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Dell channel team underline as-a-service approach

Vendor uses its channel keynote slot to share the way the world has changed and the consequences for its partner base

The partner session at Dell Technologies World has seen the vendor’s senior channel management continue to signpost as-a-service as the direction in which its ecosystem should be travelling.

The last couple of days have seen Dell host its virtual event with it clear that the firm is expecting spending on edge infrastructure and solutions to increase and more customers will be looking for subscription models, which the vendor is looking to cover with its Apex offering.

Rola Dagher, global channel chief at Dell Technologies, said the experiences of the past year had underlined the importance of its partners in guiding customers through their transformation processes.

“While technology is an enabler, our partners are true transformers,” she said. “What a transformation we’ve lived through in the last year. Within the span of months, all businesses, regardless of industry, had to adapt and transform, and technology has never been more imperative to business success or to the wellbeing of our shared community. We stepped up together to meet our new reality, and we’ve helped our customers meet theirs with new demands. We reinvented what partnership looks like.”

The theme of reacting to change was picked up by Hayley Tabor, global head of industries at Dell Technologies, who said its channel had created plenty of examples across verticals, including, notably, health and education, where it had been on hand to help those industries react to the pandemic.

“Organisations went virtual overnight,” she said. “They needed new levels of speed and agility and scale for the majority of the businesses around the globe. This was nothing short of a seismic shift in the way they operate. We had to engage in real-time transformation. And it was all hands on deck across virtually every industry.”

Denise Millard, senior vice-president, global alliances at Dell Technologies, said the consequences of these changes had been felt in the channel and the way partners worked together and delivered technology.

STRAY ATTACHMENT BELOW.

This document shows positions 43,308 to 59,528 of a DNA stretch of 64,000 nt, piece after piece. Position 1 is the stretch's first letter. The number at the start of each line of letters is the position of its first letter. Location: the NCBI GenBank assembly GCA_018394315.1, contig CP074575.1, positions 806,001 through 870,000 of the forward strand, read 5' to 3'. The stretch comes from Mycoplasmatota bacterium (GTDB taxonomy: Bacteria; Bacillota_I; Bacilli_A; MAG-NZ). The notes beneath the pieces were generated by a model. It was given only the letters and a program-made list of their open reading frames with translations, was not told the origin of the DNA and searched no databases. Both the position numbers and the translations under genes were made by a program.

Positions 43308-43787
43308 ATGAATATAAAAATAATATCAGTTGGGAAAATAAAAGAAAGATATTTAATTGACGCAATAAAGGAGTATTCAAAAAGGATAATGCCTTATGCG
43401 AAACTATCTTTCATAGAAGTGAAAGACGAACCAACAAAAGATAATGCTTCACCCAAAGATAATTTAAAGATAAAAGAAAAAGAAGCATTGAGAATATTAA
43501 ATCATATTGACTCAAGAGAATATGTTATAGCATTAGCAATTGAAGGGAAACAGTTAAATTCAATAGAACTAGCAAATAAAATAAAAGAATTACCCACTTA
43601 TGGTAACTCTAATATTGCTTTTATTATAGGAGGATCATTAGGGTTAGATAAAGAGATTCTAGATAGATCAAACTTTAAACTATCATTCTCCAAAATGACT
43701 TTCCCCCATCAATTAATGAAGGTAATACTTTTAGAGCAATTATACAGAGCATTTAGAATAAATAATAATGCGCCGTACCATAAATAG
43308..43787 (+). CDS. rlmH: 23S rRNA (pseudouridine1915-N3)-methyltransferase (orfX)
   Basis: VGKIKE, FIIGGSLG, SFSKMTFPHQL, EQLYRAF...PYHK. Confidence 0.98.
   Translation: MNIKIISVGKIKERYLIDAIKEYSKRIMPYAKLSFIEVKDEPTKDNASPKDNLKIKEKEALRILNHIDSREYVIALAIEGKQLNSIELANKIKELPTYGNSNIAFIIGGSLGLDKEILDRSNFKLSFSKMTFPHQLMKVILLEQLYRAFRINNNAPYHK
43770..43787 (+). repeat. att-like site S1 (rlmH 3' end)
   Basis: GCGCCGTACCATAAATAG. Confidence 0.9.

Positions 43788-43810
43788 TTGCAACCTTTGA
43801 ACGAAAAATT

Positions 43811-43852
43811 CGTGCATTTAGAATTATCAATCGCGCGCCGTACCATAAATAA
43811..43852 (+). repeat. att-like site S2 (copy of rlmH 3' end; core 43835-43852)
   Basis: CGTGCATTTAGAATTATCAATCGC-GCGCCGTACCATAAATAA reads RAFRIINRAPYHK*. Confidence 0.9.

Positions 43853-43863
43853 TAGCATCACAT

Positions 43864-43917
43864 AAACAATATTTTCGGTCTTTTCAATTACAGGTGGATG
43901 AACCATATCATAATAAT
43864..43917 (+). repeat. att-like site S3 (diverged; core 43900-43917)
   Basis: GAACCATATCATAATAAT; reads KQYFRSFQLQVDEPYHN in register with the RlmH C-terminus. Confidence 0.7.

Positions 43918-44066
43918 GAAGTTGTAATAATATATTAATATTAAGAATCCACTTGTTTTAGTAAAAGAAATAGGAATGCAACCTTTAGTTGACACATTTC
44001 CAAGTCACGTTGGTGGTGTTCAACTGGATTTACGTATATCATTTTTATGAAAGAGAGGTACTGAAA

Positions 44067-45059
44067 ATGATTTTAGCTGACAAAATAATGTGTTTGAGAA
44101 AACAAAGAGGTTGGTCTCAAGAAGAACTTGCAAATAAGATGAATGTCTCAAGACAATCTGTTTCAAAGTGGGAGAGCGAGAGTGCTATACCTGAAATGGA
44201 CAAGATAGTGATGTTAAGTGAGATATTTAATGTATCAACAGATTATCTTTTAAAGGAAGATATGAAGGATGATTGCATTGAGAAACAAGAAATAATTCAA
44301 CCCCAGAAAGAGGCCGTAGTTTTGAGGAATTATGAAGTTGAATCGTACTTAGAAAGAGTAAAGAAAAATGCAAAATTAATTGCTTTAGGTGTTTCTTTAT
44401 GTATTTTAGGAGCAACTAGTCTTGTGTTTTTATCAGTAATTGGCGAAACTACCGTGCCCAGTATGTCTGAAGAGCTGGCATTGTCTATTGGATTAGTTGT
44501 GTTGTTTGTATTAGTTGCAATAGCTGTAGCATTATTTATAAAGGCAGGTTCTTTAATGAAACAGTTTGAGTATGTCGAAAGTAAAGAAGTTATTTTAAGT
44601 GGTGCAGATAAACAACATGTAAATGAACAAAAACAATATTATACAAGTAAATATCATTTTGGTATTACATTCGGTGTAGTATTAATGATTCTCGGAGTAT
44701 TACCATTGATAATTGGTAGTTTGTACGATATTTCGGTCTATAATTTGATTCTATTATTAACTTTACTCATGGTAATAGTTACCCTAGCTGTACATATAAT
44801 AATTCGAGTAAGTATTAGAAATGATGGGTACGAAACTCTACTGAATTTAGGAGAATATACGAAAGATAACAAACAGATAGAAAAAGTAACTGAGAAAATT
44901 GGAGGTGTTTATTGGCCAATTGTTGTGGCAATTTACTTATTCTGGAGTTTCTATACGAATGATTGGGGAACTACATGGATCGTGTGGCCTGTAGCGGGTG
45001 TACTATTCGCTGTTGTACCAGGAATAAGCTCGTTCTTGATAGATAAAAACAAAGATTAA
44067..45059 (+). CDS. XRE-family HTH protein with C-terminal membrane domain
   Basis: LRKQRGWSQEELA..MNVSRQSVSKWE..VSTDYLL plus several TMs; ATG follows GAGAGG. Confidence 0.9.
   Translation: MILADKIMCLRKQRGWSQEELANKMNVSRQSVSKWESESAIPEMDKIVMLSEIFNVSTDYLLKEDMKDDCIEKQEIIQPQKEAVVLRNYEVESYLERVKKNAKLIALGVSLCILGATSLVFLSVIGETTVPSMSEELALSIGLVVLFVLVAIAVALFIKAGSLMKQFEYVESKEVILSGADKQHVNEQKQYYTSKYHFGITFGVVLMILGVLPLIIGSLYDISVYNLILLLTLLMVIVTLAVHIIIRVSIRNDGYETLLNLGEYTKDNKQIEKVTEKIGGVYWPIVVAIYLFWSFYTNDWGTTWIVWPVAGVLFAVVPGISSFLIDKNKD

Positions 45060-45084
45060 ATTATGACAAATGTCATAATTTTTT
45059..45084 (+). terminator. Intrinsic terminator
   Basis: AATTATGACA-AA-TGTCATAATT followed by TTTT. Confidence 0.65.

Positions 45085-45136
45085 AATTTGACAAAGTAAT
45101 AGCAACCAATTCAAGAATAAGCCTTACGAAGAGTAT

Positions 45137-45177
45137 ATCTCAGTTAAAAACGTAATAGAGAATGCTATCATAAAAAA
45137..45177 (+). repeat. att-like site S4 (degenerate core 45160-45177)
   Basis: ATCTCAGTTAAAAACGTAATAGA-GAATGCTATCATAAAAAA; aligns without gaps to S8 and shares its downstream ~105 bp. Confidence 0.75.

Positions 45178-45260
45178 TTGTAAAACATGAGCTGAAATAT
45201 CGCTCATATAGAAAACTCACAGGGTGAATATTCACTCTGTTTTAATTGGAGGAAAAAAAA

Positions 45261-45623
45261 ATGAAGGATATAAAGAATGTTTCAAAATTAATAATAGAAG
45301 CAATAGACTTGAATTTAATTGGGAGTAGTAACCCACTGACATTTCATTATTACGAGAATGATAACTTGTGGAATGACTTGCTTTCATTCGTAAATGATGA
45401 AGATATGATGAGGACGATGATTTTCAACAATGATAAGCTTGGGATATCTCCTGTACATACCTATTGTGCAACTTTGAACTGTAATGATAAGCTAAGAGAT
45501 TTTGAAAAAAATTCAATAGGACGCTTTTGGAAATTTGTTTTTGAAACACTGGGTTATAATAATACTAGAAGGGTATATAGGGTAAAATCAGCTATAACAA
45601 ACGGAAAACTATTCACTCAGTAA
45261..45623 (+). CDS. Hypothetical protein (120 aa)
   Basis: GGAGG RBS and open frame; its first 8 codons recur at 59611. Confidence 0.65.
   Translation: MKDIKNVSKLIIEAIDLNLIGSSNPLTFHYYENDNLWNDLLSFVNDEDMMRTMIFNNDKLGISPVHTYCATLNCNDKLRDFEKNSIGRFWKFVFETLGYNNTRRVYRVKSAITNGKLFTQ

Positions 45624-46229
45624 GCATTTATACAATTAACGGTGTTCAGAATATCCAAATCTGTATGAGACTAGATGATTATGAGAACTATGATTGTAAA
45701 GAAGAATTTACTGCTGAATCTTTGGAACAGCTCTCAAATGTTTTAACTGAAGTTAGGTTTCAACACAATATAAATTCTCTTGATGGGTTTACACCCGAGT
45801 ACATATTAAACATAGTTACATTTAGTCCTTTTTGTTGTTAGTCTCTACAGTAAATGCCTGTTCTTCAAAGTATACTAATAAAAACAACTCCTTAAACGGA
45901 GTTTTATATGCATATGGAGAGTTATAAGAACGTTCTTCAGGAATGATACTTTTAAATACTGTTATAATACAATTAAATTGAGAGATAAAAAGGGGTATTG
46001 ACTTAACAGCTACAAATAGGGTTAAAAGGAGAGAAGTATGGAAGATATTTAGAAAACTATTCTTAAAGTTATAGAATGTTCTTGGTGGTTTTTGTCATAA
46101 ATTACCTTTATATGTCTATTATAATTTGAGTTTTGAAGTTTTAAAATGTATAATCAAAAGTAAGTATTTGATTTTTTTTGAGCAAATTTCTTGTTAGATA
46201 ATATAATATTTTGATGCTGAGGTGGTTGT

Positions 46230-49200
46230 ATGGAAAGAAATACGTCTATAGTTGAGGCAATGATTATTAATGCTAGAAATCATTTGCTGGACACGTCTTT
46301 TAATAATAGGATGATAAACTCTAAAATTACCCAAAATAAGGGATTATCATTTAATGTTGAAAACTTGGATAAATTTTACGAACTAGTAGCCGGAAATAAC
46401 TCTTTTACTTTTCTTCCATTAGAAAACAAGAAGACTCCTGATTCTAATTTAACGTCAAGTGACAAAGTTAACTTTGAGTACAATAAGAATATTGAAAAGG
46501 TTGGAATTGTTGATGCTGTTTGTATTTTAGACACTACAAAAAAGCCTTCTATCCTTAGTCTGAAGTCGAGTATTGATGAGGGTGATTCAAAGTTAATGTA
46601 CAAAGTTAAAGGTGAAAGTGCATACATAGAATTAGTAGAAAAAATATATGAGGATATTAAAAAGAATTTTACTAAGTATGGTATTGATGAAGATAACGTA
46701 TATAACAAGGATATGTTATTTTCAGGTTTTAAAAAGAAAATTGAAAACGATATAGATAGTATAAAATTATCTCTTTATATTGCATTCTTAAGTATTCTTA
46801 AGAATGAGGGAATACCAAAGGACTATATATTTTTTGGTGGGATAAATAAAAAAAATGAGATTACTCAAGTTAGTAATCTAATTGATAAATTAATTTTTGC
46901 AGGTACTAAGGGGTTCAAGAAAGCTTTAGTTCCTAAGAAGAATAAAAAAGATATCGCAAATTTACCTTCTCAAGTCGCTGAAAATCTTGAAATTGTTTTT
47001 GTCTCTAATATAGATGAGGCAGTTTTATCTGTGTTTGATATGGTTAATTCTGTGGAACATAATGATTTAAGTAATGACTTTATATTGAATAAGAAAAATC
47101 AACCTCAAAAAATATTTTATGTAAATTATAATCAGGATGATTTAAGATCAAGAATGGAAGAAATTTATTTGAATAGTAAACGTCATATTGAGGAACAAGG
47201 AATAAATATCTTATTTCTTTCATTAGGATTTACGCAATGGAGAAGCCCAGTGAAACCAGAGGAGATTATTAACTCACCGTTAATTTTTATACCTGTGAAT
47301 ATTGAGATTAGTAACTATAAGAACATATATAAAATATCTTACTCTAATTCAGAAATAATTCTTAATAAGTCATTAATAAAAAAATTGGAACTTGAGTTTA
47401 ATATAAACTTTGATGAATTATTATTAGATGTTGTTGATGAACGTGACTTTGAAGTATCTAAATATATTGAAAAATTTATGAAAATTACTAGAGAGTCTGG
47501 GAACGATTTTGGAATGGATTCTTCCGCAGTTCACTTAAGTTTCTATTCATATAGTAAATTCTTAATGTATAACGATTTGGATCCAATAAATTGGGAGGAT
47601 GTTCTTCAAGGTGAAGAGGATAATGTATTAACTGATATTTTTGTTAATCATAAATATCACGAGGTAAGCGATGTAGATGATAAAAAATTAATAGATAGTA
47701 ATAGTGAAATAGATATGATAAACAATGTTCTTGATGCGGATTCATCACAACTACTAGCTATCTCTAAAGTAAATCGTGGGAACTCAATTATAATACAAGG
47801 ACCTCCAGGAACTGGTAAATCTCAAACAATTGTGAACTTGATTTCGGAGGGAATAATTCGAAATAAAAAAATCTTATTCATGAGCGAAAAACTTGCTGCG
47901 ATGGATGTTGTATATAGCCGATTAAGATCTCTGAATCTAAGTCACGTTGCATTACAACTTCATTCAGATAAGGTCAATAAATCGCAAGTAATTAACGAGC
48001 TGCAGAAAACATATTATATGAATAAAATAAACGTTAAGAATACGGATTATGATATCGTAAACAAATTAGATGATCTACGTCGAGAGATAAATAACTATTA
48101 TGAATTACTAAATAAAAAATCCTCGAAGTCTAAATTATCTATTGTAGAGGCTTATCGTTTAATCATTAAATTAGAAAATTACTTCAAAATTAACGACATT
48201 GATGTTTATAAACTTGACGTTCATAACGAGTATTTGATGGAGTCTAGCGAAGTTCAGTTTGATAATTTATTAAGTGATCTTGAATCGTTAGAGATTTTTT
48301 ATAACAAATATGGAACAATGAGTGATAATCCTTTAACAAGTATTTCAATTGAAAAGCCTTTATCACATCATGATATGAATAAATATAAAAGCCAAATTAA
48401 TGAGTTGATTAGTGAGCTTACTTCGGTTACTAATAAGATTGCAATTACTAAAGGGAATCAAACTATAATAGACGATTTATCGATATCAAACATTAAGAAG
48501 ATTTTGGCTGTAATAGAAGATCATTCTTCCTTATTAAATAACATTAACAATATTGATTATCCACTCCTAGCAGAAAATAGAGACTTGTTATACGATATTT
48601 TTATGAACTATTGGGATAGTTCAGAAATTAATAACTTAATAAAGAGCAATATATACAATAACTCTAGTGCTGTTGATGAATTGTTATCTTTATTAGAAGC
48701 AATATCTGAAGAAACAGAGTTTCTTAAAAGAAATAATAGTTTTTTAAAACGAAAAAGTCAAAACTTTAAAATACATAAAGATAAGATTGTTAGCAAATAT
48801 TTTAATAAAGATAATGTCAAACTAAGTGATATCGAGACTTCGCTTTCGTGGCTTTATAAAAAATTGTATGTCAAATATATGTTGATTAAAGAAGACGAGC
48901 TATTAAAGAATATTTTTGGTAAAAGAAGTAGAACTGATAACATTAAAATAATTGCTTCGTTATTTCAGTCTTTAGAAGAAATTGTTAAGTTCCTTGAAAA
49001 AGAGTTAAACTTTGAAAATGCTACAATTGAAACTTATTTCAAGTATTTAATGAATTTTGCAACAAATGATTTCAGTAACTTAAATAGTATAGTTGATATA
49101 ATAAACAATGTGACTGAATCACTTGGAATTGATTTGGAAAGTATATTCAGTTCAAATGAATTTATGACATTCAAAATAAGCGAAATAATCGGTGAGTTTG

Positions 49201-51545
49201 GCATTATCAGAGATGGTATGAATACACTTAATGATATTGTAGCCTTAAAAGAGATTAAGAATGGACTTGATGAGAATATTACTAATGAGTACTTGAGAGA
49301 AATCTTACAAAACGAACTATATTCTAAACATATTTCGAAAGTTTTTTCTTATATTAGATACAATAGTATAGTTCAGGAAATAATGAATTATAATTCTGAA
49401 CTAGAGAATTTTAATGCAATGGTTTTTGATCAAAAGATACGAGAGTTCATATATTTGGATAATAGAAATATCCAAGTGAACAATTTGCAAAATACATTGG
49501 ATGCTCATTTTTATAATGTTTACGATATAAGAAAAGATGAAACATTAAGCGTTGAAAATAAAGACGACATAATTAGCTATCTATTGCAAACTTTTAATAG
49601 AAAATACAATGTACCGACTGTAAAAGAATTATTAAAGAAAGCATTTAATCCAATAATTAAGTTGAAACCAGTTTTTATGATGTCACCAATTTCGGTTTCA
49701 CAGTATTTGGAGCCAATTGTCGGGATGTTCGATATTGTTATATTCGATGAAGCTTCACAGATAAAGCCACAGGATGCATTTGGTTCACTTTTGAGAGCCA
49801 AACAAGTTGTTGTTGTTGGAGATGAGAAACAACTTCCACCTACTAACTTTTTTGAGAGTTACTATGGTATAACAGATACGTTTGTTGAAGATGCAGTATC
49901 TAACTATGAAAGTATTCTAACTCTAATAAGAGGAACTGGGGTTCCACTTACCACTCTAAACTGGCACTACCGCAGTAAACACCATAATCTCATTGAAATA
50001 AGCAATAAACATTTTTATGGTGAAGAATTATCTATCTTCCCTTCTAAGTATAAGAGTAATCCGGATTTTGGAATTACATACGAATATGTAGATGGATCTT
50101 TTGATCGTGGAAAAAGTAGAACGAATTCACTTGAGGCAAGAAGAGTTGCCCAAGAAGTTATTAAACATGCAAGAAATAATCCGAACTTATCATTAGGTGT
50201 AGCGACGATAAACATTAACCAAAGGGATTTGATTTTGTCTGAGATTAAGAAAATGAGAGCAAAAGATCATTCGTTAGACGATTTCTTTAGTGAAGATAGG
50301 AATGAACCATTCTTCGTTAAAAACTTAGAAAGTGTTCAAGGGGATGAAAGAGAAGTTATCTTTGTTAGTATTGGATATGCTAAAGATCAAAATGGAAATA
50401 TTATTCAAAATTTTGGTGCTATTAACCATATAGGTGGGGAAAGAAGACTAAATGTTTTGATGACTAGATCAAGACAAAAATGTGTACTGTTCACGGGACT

“Today’s world requires us to think differently and more strategically about where and how we work together,” she said. “Let’s face it, the digital future has arrived, and with it the need for an extensive ecosystem. I am talking about the ability to leverage things like 5G, edge, AI and machine learning, and deliver it as a service.”

Dagher added that to meet customer demands, the channel was taking more of an ecosystem approach and collaborating more to make sure the user got the outcome they were looking for.

“The lines between partner types are blurring and they are recognising the tremendous value they can deliver together,” she said. “Customers are engaging more than one partner because they are focusing on an outcome and experience, better, faster and at a lower cost. That is because today we live in a world where experience in personalisation is paramount.”

Millard said that as well as changing the way that partners worked in the ecosystem, there were also signs that managed services were increasingly important.

“As-a-service has become the standard,” she said. “It’s one of the reasons you’re seeing us go all in with Apex. It’s an incredible opportunity for partners to create their own IP around consumption offerings and services. What does that mean? It means deeper customer relationships and new recurring revenue opportunities.

“Our future is becoming increasingly multicloud/hybrid cloud. It’s all about putting workloads where they work best together. We can help our customers build multicloud solutions that take advantage of both architectures, and at the same time, maximise choice mobility, cost and performance.”

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